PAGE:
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How Do We Build a Future Where Everyone Has a Home?

Festival of Economics

Watershed  |  £5 – £10

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With the ever-increasing demand for housing, how do we build enough homes sustainably and quickly?

Carol Lewis, property editor of The Times and The Sunday Times, chairs this Festival of Economics panel discussion on the future of housing, with economist Kate Barker, journalist and author Vicky Spratt, and academics Ed Atkins and Henry Overman.

With soaring housing costs and an enduring cost-of-living crisis, securing a home – whether buying or renting – is a significant worry for many. The government is yet to meet its housebuilding target from its 2019 manifesto and has closed its Green Homes grant scheme. This panel will discuss questions around housing supply, affordability and energy efficiency and what some policy solutions might be for both the short and long term.

Ed Atkins is Senior Lecturer at the School of Geographical Sciences at the University of Bristol. His work is focused on interdisciplinary research into energy transitions, climate change communication and a just transition.

Dame Katharine Mary Barker is a British housing economist. She is Chair of the Universities Superannuation Scheme and also chairs the Jersey Fiscal Policy Panel. Barker was an external member of the Bank of England’s Monetary Policy Committee for three terms between 2001-2010. During that time, Barker was commissioned by the government to conduct a major independent policy review of UK Housing Supply, and subsequently a review of Land Use Planning.

Barker was Chief Economic Adviser at the CBI between 1994-2001. She was an NED at Taylor Wimpey 2011-2020, and she was also a Commissioner of the National Infrastructure Commission between 2017-2020. In 2014 she was made a Dame for services to the economy.

Carol Lewis is the property editor of The Times and The Sunday Times and winner of several awards including Columnist of the Year at the Property Press Awards 2022.

Henry Overman is Professor of Economic Geography in the Department of Geography and Environment at the London School of Economics. He is also the Research Director of the Centre for Economic Performance and the Director of the What Works Centre for Local Economic Growth.

Vicky Spratt

Vicky Spratt is a journalist whose work regularly shapes public policy. Her 2016 campaign ‘Make Renting Fair’ led to letting fees in England and Wales being banned.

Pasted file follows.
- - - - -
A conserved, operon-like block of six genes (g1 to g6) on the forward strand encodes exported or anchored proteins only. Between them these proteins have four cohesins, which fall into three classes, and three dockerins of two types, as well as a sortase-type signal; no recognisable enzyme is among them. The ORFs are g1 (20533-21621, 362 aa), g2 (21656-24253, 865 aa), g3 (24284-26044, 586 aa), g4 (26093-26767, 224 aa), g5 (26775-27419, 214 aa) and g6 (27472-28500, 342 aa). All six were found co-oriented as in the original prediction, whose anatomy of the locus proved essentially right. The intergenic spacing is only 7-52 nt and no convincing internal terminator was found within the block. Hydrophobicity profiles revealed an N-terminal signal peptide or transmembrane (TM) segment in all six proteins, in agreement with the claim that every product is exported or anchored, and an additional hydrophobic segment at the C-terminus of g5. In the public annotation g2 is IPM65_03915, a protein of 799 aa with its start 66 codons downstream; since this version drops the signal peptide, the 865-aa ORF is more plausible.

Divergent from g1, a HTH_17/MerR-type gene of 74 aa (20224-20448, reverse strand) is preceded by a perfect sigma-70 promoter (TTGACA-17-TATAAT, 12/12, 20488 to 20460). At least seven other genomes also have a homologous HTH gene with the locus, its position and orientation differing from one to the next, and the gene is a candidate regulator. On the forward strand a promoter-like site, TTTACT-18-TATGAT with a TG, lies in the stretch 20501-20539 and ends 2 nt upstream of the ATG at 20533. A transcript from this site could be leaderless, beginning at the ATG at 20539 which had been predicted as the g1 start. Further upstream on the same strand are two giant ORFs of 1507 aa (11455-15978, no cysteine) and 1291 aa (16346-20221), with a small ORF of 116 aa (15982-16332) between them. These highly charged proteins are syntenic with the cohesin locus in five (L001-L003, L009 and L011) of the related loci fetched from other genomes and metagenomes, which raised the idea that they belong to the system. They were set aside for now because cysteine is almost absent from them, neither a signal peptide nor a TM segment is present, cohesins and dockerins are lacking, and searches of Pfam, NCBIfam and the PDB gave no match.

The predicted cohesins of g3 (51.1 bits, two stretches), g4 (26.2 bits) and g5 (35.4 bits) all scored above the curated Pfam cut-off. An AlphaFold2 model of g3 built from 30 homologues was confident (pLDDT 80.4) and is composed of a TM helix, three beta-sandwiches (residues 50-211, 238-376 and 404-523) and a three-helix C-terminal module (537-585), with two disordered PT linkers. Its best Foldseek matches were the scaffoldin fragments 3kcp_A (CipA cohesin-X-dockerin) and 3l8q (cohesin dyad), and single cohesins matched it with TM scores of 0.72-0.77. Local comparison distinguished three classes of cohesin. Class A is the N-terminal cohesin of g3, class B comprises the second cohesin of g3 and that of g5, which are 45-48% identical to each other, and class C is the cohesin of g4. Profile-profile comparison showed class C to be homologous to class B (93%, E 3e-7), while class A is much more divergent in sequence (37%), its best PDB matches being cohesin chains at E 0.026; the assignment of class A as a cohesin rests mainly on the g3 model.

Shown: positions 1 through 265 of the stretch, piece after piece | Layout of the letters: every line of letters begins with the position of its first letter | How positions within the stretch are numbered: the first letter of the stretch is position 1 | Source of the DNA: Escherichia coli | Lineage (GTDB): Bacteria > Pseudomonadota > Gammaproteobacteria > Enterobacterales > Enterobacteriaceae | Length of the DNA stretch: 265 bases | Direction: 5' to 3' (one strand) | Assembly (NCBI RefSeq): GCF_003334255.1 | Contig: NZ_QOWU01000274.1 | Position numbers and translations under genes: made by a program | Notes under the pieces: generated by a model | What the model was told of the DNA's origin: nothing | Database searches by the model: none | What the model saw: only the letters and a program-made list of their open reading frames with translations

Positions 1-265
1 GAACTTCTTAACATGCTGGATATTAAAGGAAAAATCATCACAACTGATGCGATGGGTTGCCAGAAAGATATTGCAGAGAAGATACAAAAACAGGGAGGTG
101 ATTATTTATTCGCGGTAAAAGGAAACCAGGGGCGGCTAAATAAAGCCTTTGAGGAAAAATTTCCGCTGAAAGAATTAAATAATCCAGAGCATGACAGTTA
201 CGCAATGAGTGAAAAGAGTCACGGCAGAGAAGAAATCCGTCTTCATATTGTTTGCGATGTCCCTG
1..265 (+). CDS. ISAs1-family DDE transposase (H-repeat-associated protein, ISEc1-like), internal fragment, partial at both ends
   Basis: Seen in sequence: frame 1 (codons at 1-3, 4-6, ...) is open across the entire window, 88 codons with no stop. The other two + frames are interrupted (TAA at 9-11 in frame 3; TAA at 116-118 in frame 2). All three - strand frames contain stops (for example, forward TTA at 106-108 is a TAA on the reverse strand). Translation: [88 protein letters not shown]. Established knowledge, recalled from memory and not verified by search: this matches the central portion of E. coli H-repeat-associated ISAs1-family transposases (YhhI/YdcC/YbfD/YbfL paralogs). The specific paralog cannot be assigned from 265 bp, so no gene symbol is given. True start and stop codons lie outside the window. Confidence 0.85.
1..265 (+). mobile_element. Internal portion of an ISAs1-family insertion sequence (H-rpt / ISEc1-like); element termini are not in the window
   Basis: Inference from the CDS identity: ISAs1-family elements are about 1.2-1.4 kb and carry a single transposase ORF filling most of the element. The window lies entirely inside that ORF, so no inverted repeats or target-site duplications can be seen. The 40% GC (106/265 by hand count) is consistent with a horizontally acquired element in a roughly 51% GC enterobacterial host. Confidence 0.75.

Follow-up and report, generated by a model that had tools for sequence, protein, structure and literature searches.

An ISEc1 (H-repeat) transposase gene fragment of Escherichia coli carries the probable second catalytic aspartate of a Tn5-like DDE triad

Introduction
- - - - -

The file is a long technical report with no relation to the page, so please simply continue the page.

The Festival of Economics is supported by

Pay What You Feel

This event is part of our new ticket pricing structure where we ask people to pay what they feel they can afford in accordance with their means. Read more about it here. Read on for the ticket prices for this event.

One free carer ticket can be booked at the same time for a paying disabled visitor. If you need to book more than one, please contact us before booking to arrange.

Pay It Forward

The Pay It Forward option enables you to book a ticket above the standard price, and will help to subsidise a ticket for someone who requires the Pay What You Can option. This option is aimed at people who are able to meet their basic needs and would like to help somebody else with the cost of their ticket.

  • Is this for me? – I have access to a regular and stable income and I have the means and desire to contribute towards making the event affordable for others and supporting Bristol Ideas.


This recommended price is based on what we’d traditionally charge for a similar event. It helps us make sure that basic costs are covered. This price is aimed at people who are able to meet their basic needs and have enough to live on.

  • Is this for me? – I have access to a regular and disposable income, and I can comfortably afford the recommended ticket price.


This option is lower than the recommended price. It is subsidised by Bristol Ideas and fellow audience members who have booked at the Pay It Forward rate. This price is aimed at people who could do with support to get by.

  • Is this for me? – My access to income is low and unstable and I worry about meeting my basic needs. I would select a concession rate due to my personal circumstances.

No one will be turned away due to lack of funds, so please contact us if you have any queries.

Booking Information

Ticket booking is via Eventbrite. Please review Eventbrite’s terms and conditions and Privacy Policy as Bristol Ideas do not accept any responsibility or liability for the policies. You can read Bristol Ideas’ Privacy policy here.

Please note we only refund tickets if the event is cancelled. Events start punctually and, out of consideration to other audience members and speakers, our policy is not to admit or issue refunds to latecomers. Full Terms and Conditions here.


  • Watershed’s main entrance and Box Office are both on the ground floor which is accessible via a ramped, electronically assisted entrance door.
  • There are two Blue Badge parking spaces to the rear of Watershed on Canons Road.
  • Guide dogs and hearing dogs are very welcome.
  • The first floor of Watershed is accessible via lift from the main entrance and includes level access to all areas, including the cinemas and event spaces.
  • The cinemas and event spaces have induction loops.
  • There is an accessible toilet (with baby changing facilities) near Cinema 1. Follow the signs for the Cinemas and the accessible toilet is just on your left through the double doors before Cinema 1.
  • There are gender neutral toilets in the cinema corridor on the first floor.

Visit Watershed’s Access page for more information.

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